After trailing by 10 points with seven minutes left in the fourth quarter and by six with just under four minutes remaining in regulation, the Washington Wizards came back to beat the Chicago Bulls, 101-99 , in overtime to finish off an impressive road sweep at United Center. Randy Wittman's crew will head back to the nation's capital brimming with confidence and holding a commanding 2-0 lead in their best-of-seven series. The Bulls will travel east knowing that if they don't figure out a way to scratch out some more points against the Wizards' defense, they might not be long for the postseason. At least one prominent national basketball commentator isn't banking on Tom Thibodeau and company finding that solution before Game 3 on Friday . Hall of Famer and Turner Sports analyst Charles Barkley pronounced Chicago dead on arrival during TNT's post-game discussion of the Wizards' Game 2 win. Here are Sir Charles' comments, as dutifully transcribed by Dan Steinberg of the D.C. Sports Bog : [Barkley] said John Wall “is learning to be a point guard instead of just a tornado out there.” He said Bradley Beal “has arrived.” And then he said this. “I will tell you this: whoever plays that team in the second round is gonna have their hands full.” “Are you saying this one is over then?” ["Inside the NBA" studio host] Ernie Johnson asked. “This is O-V-E-R in a 4-0 sweep,” Barkley said. “It is flat-out over. [The Bulls] can’t beat them. They can’t score enough. Ernie, I told you all season, this was the third-best team in the Eastern Conference when they’re healthy. They’re fully healthy, Wall and Beal are terrific. Nene is the key. He’s a nightmare matchup for most guys. “They’re gonna sweep the Bulls,” Barkley went on. “This series is a wrap. Whoever they play in the next series, whether it’s Indiana or Atlanta, they’re gonna have their hands full, because this team, they’re deep. They’ve got veteran leadership. They went out and got Andre Miller for leadership. Trevor Ariza’s been deep in the playoffs. Their two best players are [young]. They’re the key. Wall is growing up before our eyes, Beal can flat-out just shoot with anybody. But with the guys coming off the bench, this is gonna be a sweep.” To be fair, Barkley's within his rights to crow a bit — as he said, he's been touting Washington as the East's third-best team (when healthy) for months , and he was one of relatively few national pundits to pick Washington to beat Chicago in the East's 4-vs.-5 first-round matchup. (For the record, none of us here at BDL picked the Wiz, nor did Woj or Spears . Such haters.) And the odds of a comeback are certainly stacked against the Bulls. Only 16 teams in NBA history have come back from an 0-2 deficit to win a postseason series — the 15 on this list and last year's Memphis Grizzlies, who came back to knock off the Los Angeles Clippers, and only three teams have come back to win a series after dropping the first two games on their home court. With all due respect to Defensive Player of the Year Joakim Noah and third-place finisher in Coach of the Year voting Thibodeau, this year's Bulls don't have Wilt, West and Elgin, like the 1968-69 Los Angeles Lakers did, or prime Hakeem Olajuwon, like the 1993-94 Houston Rockets did, or 26-year-old Dirk Nowitzki, like the 2004-05 Dallas Mavericks did. They're in serious trouble, and in the case of this particular emergency, they can't break open the glass and pull out a Hall of Fame offensive force to pull them out of it.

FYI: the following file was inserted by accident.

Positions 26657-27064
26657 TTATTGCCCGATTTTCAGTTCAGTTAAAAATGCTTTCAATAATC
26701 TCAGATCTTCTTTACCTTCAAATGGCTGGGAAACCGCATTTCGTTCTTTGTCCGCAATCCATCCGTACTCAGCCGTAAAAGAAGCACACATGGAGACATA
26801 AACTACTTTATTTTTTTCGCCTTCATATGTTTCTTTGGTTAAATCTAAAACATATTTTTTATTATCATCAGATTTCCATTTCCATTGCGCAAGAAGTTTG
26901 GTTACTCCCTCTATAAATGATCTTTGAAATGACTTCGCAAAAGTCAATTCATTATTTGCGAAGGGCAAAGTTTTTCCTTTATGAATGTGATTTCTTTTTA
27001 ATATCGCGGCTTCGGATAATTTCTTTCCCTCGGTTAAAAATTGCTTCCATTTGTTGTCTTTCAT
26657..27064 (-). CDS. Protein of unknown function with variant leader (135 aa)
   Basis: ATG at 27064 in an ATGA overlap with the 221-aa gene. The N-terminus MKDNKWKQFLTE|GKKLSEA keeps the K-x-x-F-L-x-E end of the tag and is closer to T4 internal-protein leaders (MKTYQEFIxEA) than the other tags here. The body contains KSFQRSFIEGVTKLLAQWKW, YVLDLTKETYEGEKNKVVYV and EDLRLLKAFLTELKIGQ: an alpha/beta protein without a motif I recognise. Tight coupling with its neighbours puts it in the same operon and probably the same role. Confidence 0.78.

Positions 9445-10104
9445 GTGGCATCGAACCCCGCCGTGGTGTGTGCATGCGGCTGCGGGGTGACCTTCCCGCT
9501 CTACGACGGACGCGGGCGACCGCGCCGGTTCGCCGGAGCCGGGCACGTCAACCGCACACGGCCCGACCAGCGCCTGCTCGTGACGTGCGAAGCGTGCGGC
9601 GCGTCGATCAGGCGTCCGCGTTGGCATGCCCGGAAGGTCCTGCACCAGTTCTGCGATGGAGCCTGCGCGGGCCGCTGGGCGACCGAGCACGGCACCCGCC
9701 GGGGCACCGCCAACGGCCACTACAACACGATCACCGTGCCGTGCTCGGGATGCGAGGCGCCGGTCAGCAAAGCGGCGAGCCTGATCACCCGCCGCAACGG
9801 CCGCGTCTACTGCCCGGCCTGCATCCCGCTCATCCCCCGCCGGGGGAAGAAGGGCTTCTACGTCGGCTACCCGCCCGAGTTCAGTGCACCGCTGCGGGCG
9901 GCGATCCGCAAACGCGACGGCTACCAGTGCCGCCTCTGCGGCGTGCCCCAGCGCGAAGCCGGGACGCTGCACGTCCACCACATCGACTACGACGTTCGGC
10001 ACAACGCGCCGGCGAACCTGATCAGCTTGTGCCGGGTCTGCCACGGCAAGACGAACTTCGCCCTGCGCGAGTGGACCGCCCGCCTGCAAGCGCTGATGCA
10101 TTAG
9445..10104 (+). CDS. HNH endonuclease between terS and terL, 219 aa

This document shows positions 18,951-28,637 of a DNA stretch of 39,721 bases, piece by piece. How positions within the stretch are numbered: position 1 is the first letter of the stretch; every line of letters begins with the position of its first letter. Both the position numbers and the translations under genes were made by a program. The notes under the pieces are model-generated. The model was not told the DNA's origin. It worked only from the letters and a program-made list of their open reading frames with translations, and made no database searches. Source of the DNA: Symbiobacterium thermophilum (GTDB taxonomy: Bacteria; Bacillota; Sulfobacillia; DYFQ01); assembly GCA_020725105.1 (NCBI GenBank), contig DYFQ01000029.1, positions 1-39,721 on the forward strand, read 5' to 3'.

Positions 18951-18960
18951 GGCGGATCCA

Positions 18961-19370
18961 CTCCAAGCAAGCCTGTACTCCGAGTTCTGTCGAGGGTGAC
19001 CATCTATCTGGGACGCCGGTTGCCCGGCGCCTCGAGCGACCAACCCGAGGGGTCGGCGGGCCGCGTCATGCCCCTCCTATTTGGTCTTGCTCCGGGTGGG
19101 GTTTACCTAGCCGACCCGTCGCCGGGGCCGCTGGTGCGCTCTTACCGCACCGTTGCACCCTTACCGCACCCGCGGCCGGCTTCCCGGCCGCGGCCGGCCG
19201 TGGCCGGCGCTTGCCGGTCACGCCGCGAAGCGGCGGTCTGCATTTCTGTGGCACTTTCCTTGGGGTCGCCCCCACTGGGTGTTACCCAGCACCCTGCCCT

The voters have the facts, and they've voted yes: Gregg Popovich is the best in the world at what he does. The NBA announced Tuesday that the San Antonio Spurs' inimitable sideline stalker has been named the league's 2013-14 Coach of the Year , taking home the Red Auerbach Trophy after piloting his Spurs to a 62-20 record, the best mark in the NBA, and the top seed in one of the more competitive Western Conferences in recent memory. It's the second time in the last three years that Popovich has taken home the honor, and the third time in his illustrious career. He won his first Coach of the Year after a 2002-03 season in which his Spurs went 60-22 and won the NBA championship behind league MVP Tim Duncan. He joins Don Nelson (1982-83 and 1984-85 with the Milwaukee Bucks, 1991-92 with the Golden State Warriors) and Pat Riley (1989-90 with the Los Angeles Lakers, 1992-93 with the New York Knicks, 1996-97 with the Miami Heat) as the only three-time winners in the history of the award, which dates back to the 1962-63 season. Popovich, 65, received 59 of a possible 124 first-place votes from sportswriters and broadcasters, and earned 380 total points — you get five points for a first-place vote, three points for second place and one point for third place — to top the ballot in a year in which there were a slew of very deserving candidates. You sure can make a strong case for Phoenix Suns head coach Jeff Hornacek, who finished second. The former ace shooting guard and ex-Utah Jazz assistant received 37 first-place votes, a ballot-leading 44 second-place nods and 339 total points after leading a young and rebuilding Suns squad that many predicted to rank among the league's very worst teams to a remarkable 48-34 record. The Suns were in playoff contention until the second-to-last game of the season in his first year running the show in the desert. Ditto for Tom Thibodeau, who won the award after the 2010-11 season and came in third this season. The eternally hoarse and hard-charging Thibodeau received 12 first-place votes and 159 total points for his work alongside newly minted Defensive Player of the Year Joakim Noah in leading the Chicago Bulls to a tie for the third-best record in the Eastern Conference despite losing former MVP and expected offensive centerpiece Derrick Rose just 10 games into the season. He also watched his front office ship out two-way linchpin Luol Deng in a midseason money-saving deal that did nothing to augment this year's club. Without two of his three best players, Thibs still coaxed the league's second-best defense out of this year's Bulls and made scrap-heap pickup D.J. Augustin into a legitimate game-changing scorer off the bench. And then there's Steve Clifford, who finished fourth (eight first-place votes, 127 points) after building the sixth-stingiest defense in the NBA around noted sieve Al Jefferson. He turned the Charlotte Bobcats from a league-wide laughingstock into a team that doesn't beat itself, and they intend to make the Miami Heat work for every last bucket in their first-round playoff series. And Dwane Casey, who finished fifth (five first-place votes, 70 points) after engineering a 14-game turnaround in the standings to lead the Toronto Raptors to a franchise-record 48 wins, the second Atlantic Division title in team history, and top-10 finishes in points scored and allowed per possession. Any of those top five finishers would've been very worthy selections, making Coach of the Year, as always, one of the more difficult annual award calls to make. For what it's worth, two Yahoo Sports NBA writers — Kelly Dwyer and I — had Pop as our top choice in our 2013-14 postseason/awards predictions . Yahoo Sports NBA columnists Adrian Wojnarowski and Marc J. Spears preferred Clifford and Hornacek, respectively, while BDL writer Eric Freeman went with Thibodeau. Also receiving first-place votes: Terry Stotts of the Portland Trail Blazers, whose free-flowing offensive system unleashed All-Stars LaMarcus Aldridge and Damian Lillard en route to 54 wins, the West's No. 5 seed and a sixth-place finish; and Doc Rivers, who came in seventh after not only leading the Los Angeles Clippers to a franchise-record 57 wins and a second straight Pacific Division title, but also freeing up Blake Griffin to become the unquestioned focal point of L.A.'s meat-grinder offense while Chris Paul recuperated from a midseason shoulder strain. Scott Brooks of the Oklahoma City Thunder, Mark Jackson of the Golden State Warriors and Jason Kidd of the Brooklyn Nets each received a third-place vote to round out the top 10. (The full media voting results have been made available online, if you'd like to check them out. Transparency!) But while there were many fine choices, there was only one right choice, and the voters made it. The 2013-14 season saw Pop not only continue his franchise's unparalleled run of consistent excellence — 50-plus wins for the 15th straight season, and for the 16th time in 17 seasons (they only played 50 games in the lockout-shortened 1998-99 season, and the Spurs won 74 percent of them, equivalent to 61 wins over an 82-game campaign, en route to an NBA championship ), and 17 consecutive playoff berths, the fifth-longest postseason streak in NBA history — but he did so on the heels of the Spurs' losses to the Miami Heat in Games 6 and 7 of the 2013 NBA finals, one of the most crushing conclusions to a season imaginable. Pop recently said he was "really impressed" with how his players bounced back from that "devastating loss." We're really impressed with how their coach did, too. There were plenty of times when the train could have run off the tracks, most notably during a six-week-long stretch where major contributors kept dropping like flies: big man Tiago Splitter hurting his shoulder , shooting guard Danny Green and swingman Kawhi Leonard suffering busted hands , sixth-man extraordinaire Manu Ginobili straining his left hamstring , and Tony Parker sustaining a "variety of maladies," etc. But without four huge pieces of the puzzle for several weeks, and with the Spurs fighting to stay at the top of a brutal Western Conference jam-packed with dangerous opponents, Pop just kept plugging in new parts to keep the system running smoothly. Under Pop, Marco Belinelli — a talented shooter and playmaker who'd never shot or made plays that well in his previous stops — became lethal, putting up more than 16 points and three assists per 36 minutes of floor time on excellent shooting splits (48.5 percent from the field, 43 percent from 3-point range, 84.7 percent from the foul line) and proving a perfect complement to Ginobili in reserve groups that torched opposing second units. Under Pop, Patty Mills — formerly a little-used, towel-waving mascot — became a critical rotation piece capable of roasting defenses from long range and blazing his way to the rim when Parker sat down. Under Pop, Boris Diaw became a jack-of-all-trades type capable of holding together and augmenting myriad frontcourt units on both ends of the floor. Under Pop, unheralded players like Jeff Ayres, Aron Baynes, Cory Joseph and Austin Daye all stepped forth and made contributions that kept the Spurs on course for bigger things, keeping the big guns rested and ready. No Spur averaged more than 30 minutes per game during the regular season, which is the first time any team has done that in NBA history and is a pretty big deal given all those minutes and miles on the legs of Duncan, Ginobili and Parker. And amid all that juggling, Pop's Spurs won a franchise-record and NBA-leading 30 road games, won 11 straight games in November and 19 straight games from mid-February through early April. He also led his team to top-four finishes in offensive and defensive efficiency, and earned home-court advantage throughout the NBA playoffs. Taken all together, this might be, as 48 Minutes of Hell's Trevor Zickgraf argues , "the most impressive coaching performance of Pop’s career." Considering all that career has seen — the ninth-most regular-season wins and third-most postseason wins in NBA history, five NBA finals trips and four NBA championships — that's saying an awful lot. And considering Pop won't ever take that bow himself, eternally reminding us that it's a player's league, we'll take a moment to take it for him. The best in the business works in San Antonio, and his work's not over yet. More NBA coverage from Yahoo Sports: - - - - - - - Dan Devine is an editor for Ball Don't Lie on Yahoo Sports. Have a tip? Email him at email@example.com or follow him on Twitter! Follow @YourManDevine Stay connected with Ball Don't Lie on Twitter @YahooBDL , "Like" BDL on Facebook and follow BDL's Tumblr for year-round NBA talk, jokes and more.